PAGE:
William Shakespeare Not an Impostor

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G. Routledge & Company, 1857 - 122 lappuses

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Populāri fragmenti

119. lappuse - tis slander, Whose edge is sharper than the sword ; whose tongue Outvenoms all the worms of Nile ; whose breath Rides on the posting winds, and doth belie All corners of the world : kings, queens, and states, Maids, matrons, nay, the secrets of the grave This viperous slander enters.
1. lappuse - Truth may perhaps come to the price of a pearl, that showeth best by day ; but it will not rise to the price of a diamond or carbuncle, that showeth best in varied lights.
79. lappuse - As Plautus and Seneca are accounted the best for comedy and tragedy among the Latines, so Shakespeare among the English is the most excellent in both kinds for the stage...
96. lappuse - ... ordain'd otherwise, and he by death departed from that right, we pray you do not envie his friends the office of their care and paine...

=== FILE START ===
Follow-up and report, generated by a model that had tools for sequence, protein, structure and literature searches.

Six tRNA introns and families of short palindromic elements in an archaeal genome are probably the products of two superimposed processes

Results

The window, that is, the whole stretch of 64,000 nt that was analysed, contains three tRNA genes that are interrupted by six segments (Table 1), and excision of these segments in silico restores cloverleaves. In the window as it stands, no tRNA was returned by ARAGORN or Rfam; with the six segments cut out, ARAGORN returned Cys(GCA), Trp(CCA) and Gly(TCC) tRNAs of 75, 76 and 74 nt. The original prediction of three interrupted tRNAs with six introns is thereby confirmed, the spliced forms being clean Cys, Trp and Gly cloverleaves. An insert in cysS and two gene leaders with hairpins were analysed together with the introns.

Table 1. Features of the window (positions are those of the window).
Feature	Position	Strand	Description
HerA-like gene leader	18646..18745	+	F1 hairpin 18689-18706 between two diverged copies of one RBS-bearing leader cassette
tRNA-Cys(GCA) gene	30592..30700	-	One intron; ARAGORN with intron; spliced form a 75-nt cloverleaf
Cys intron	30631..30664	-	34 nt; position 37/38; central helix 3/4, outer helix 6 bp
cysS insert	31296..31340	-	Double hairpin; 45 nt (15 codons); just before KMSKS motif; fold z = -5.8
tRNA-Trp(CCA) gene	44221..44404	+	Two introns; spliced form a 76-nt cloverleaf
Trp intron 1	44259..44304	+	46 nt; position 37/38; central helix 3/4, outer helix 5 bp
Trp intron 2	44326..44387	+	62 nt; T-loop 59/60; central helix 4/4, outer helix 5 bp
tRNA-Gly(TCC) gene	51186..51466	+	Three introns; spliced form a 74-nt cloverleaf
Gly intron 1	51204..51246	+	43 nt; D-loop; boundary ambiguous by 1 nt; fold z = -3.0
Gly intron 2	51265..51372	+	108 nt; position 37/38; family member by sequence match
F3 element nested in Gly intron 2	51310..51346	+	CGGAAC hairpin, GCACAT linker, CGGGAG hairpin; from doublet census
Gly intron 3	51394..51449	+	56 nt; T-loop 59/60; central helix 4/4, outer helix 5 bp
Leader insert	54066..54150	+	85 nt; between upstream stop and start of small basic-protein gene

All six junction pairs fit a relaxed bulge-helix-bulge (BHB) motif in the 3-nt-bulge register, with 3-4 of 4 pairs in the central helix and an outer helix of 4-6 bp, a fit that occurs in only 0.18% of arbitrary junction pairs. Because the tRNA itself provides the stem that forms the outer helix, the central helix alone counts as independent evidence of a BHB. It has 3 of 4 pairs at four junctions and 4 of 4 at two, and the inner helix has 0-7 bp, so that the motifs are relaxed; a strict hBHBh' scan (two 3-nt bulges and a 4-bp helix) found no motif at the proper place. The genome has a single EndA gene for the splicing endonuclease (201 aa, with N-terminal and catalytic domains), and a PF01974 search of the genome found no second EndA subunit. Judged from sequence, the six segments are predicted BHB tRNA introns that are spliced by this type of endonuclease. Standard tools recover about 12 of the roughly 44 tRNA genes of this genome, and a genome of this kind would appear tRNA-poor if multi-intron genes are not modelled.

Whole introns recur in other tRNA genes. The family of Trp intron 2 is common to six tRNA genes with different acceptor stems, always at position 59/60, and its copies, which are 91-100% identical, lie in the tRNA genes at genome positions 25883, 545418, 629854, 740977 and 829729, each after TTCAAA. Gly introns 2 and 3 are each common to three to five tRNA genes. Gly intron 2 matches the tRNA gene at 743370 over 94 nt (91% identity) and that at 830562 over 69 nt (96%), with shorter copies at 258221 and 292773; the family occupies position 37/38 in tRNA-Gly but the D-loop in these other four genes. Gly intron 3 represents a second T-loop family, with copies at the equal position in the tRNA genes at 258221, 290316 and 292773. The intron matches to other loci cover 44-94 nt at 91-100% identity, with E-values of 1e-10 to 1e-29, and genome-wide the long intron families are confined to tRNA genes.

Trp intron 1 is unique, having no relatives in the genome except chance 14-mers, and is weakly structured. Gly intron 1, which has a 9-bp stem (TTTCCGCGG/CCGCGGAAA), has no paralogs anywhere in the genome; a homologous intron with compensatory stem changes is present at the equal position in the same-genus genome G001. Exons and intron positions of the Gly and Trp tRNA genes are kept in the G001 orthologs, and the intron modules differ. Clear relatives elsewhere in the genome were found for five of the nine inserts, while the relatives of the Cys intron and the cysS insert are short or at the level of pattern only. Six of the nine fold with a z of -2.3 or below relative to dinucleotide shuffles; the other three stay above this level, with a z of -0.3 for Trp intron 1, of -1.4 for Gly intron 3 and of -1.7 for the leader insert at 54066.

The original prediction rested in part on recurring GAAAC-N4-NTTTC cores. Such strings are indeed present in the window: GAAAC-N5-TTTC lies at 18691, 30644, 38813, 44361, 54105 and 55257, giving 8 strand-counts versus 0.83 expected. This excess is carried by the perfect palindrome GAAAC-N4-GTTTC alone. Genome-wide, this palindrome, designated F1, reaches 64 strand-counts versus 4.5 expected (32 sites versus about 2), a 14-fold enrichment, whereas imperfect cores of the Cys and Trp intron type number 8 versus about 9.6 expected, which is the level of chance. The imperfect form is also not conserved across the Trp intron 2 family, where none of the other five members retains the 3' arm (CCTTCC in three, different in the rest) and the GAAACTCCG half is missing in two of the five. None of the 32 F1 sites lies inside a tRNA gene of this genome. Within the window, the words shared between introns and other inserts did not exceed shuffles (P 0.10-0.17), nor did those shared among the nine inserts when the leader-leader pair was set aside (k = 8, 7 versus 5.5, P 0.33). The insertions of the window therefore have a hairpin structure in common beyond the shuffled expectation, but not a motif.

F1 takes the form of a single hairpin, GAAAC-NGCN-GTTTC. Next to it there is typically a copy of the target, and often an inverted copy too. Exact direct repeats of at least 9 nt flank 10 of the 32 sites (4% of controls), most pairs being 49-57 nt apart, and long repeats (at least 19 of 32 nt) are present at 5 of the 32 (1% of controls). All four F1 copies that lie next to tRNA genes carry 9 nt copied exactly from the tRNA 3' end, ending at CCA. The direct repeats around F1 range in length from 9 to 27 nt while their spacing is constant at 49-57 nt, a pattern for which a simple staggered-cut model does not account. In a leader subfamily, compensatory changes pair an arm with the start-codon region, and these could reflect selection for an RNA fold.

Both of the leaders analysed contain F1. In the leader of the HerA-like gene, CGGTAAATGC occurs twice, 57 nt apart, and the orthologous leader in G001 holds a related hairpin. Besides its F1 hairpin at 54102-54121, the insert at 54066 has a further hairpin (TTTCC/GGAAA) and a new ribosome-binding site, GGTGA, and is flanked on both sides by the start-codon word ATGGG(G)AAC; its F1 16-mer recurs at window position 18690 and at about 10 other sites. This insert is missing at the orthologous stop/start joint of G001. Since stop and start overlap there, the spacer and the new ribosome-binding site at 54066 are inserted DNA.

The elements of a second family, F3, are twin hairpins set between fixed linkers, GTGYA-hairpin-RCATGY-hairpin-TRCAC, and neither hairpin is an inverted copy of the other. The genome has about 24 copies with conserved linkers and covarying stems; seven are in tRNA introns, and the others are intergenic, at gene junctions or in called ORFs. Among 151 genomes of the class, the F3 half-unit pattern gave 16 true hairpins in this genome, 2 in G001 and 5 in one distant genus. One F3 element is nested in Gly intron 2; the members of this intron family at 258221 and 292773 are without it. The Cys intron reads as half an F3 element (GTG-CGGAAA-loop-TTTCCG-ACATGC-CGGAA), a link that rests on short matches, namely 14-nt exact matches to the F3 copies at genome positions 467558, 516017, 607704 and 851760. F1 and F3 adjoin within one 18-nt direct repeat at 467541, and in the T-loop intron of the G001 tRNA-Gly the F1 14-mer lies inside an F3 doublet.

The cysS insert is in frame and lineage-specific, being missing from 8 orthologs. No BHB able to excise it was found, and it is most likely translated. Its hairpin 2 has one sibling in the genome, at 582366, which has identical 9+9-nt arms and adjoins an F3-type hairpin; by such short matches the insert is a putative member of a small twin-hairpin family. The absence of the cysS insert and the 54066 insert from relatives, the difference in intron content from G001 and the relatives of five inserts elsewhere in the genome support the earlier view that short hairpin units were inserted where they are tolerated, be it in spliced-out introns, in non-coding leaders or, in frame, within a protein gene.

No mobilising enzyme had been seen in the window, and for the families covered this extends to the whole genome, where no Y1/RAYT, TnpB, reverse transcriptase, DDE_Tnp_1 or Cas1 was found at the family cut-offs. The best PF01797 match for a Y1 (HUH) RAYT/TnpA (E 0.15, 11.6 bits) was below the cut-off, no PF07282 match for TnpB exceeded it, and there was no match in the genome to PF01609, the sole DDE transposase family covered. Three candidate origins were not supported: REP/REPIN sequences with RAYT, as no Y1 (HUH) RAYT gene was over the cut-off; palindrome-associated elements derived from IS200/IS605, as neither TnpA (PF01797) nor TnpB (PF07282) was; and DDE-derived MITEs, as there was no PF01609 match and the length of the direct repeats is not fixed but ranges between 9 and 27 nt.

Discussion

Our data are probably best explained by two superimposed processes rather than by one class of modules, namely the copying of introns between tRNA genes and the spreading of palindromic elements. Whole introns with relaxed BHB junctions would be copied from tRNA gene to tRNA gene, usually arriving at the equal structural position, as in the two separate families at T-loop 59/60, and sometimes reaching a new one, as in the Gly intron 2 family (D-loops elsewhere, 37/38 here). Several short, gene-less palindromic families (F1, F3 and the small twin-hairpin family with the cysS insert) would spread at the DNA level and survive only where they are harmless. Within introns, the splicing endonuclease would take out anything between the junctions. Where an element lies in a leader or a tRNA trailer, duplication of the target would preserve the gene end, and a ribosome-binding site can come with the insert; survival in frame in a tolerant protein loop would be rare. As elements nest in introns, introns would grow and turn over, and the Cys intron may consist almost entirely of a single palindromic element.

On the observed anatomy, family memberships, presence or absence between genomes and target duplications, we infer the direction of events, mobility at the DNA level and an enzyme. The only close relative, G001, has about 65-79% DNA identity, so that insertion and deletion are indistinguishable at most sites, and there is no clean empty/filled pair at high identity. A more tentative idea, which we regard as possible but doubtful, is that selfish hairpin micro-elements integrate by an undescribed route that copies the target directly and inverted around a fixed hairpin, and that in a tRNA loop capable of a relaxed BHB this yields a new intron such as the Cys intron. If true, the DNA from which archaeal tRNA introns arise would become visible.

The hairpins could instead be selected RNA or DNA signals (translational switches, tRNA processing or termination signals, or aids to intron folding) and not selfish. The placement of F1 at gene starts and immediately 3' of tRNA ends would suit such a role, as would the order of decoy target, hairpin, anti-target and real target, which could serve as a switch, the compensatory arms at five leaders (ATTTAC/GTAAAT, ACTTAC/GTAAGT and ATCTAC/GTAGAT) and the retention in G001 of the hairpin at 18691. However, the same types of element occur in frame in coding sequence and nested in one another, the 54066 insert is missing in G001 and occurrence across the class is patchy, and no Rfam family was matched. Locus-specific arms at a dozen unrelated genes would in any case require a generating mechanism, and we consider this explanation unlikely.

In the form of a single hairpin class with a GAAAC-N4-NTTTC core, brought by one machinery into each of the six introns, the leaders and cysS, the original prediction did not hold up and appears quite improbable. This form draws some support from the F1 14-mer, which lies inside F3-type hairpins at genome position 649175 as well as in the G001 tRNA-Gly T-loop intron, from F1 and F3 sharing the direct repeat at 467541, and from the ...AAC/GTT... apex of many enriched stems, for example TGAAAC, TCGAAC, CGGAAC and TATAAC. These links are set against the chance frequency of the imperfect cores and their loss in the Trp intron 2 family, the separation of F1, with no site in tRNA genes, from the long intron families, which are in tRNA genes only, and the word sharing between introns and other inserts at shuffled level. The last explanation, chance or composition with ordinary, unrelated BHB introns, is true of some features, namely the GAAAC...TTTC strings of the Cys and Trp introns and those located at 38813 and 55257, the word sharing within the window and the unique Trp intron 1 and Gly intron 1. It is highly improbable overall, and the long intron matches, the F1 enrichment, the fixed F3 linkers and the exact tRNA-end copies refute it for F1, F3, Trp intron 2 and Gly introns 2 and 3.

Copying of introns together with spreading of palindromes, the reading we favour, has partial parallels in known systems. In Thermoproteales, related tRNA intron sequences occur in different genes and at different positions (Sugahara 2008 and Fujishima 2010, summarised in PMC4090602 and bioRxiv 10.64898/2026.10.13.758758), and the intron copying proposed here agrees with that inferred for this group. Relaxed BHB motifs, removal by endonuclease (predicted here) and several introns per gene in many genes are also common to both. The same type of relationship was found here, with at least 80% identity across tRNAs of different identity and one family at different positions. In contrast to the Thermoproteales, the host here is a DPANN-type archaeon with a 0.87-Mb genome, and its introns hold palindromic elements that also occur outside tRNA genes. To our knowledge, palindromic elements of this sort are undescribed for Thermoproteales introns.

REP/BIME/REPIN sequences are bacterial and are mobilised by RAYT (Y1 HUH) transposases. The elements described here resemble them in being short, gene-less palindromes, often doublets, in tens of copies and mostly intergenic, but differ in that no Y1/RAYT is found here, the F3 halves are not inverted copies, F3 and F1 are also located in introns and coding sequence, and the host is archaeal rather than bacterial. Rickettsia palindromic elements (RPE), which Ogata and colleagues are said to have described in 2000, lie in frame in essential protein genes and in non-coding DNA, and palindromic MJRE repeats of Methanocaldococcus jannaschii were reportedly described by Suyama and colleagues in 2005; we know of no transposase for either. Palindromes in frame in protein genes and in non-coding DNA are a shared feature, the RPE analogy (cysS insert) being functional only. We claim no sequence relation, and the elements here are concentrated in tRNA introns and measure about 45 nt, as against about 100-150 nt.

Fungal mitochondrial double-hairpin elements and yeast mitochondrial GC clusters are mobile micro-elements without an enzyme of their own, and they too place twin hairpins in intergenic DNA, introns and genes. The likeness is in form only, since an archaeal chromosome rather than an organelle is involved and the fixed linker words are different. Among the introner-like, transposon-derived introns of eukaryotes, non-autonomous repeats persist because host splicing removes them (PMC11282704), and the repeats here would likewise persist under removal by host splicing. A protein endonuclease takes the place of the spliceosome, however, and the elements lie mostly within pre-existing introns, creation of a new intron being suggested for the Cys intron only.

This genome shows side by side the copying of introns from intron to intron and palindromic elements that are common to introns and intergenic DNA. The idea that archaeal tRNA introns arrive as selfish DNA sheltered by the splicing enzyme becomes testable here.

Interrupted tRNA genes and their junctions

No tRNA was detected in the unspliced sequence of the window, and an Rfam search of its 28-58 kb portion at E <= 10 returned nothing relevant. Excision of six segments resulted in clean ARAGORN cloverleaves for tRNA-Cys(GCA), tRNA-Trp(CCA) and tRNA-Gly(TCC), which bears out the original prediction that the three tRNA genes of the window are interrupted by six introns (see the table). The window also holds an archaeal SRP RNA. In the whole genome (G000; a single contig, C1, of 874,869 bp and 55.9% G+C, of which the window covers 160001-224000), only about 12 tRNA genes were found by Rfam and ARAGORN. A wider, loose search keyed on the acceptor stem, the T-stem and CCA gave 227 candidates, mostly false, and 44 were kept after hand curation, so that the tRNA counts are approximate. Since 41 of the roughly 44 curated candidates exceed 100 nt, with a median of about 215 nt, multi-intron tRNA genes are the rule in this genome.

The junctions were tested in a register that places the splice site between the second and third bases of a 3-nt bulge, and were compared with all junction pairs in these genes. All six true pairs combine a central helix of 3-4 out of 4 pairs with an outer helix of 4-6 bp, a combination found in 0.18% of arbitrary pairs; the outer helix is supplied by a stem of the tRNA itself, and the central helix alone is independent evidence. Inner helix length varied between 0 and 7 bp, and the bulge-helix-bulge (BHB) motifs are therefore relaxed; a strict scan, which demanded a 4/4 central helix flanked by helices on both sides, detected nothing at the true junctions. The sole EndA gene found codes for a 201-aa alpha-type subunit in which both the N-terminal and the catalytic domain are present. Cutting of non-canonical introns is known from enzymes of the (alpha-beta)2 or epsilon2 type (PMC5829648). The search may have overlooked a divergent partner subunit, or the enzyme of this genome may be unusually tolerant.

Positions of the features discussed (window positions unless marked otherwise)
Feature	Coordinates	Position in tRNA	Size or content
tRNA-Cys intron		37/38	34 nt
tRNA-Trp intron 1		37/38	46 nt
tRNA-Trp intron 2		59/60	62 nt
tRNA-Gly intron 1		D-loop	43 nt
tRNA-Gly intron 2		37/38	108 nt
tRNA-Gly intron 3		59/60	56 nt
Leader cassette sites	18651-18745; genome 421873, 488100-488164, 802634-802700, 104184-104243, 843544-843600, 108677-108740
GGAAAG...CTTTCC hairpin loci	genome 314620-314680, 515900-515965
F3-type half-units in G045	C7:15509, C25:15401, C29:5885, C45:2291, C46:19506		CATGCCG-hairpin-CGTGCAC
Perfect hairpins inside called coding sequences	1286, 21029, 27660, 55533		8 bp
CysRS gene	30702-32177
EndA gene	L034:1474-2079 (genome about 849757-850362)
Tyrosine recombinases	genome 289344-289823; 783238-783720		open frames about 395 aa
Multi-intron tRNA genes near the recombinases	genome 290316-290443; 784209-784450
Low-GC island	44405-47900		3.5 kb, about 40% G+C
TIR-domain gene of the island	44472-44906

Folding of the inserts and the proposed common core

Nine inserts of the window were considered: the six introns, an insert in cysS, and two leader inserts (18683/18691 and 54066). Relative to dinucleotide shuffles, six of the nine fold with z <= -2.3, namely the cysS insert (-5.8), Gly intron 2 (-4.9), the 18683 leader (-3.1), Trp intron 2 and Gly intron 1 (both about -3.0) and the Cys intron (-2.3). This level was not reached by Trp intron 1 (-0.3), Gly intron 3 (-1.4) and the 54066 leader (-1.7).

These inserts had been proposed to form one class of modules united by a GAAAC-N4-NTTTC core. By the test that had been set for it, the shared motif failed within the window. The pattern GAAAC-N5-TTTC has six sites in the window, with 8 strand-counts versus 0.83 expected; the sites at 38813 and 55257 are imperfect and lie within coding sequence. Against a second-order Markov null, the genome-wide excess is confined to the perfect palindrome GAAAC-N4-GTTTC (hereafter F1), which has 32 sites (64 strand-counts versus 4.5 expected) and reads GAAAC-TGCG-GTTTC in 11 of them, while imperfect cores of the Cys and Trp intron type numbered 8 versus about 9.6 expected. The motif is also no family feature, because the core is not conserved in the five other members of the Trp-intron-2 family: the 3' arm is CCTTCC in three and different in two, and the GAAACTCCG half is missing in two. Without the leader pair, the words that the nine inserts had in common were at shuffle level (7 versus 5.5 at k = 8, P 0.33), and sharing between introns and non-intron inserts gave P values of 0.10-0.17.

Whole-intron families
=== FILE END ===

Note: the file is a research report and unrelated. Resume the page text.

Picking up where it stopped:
106. lappuse - I remember, the players have often mentioned it as an honour to Shakespeare, that in his writing (whatsoever he penned) he never blotted out a line. My answer hath been, Would he had blotted a thousand.
99. lappuse - ... and that he Who casts to write a living line must sweat (Such as thine are) and strike the second heat Upon the Muses...
91. lappuse - EPITAPH. ON THE COUNTESS OF PEMBROKE. UNDERNEATH this sable hearse Lies the subject of all verse, Sidney's sister, Pembroke's mother : Death, ere thou hast slain another, Fair, and learned, and good as she, Time shall throw a dart at thee.
94. lappuse - ... where [before] you were abus'd with diverse stolne, and surreptitious copies, maimed and deformed by the frauds and stealthes of injurious impostors, that expos' d them : even those, are now offer'd to your view cur'd, and perfect of their limbes ; and all the rest, absolute in their numbers, as he conceived them.
89. lappuse - ... one of the greatest men, and most worthy of admiration that had been in many ages : in his adversity, I ever prayed that God would give him strength, for greatness he could not want...
103. lappuse - What things have we seen Done at the ' Mermaid ? ' Heard words that have been So nimble, and so full of subtle flame, As if that every one from whence they came Had meant to put his whole wit in a jest, And had resolved to live a fool the rest Of his dull life.

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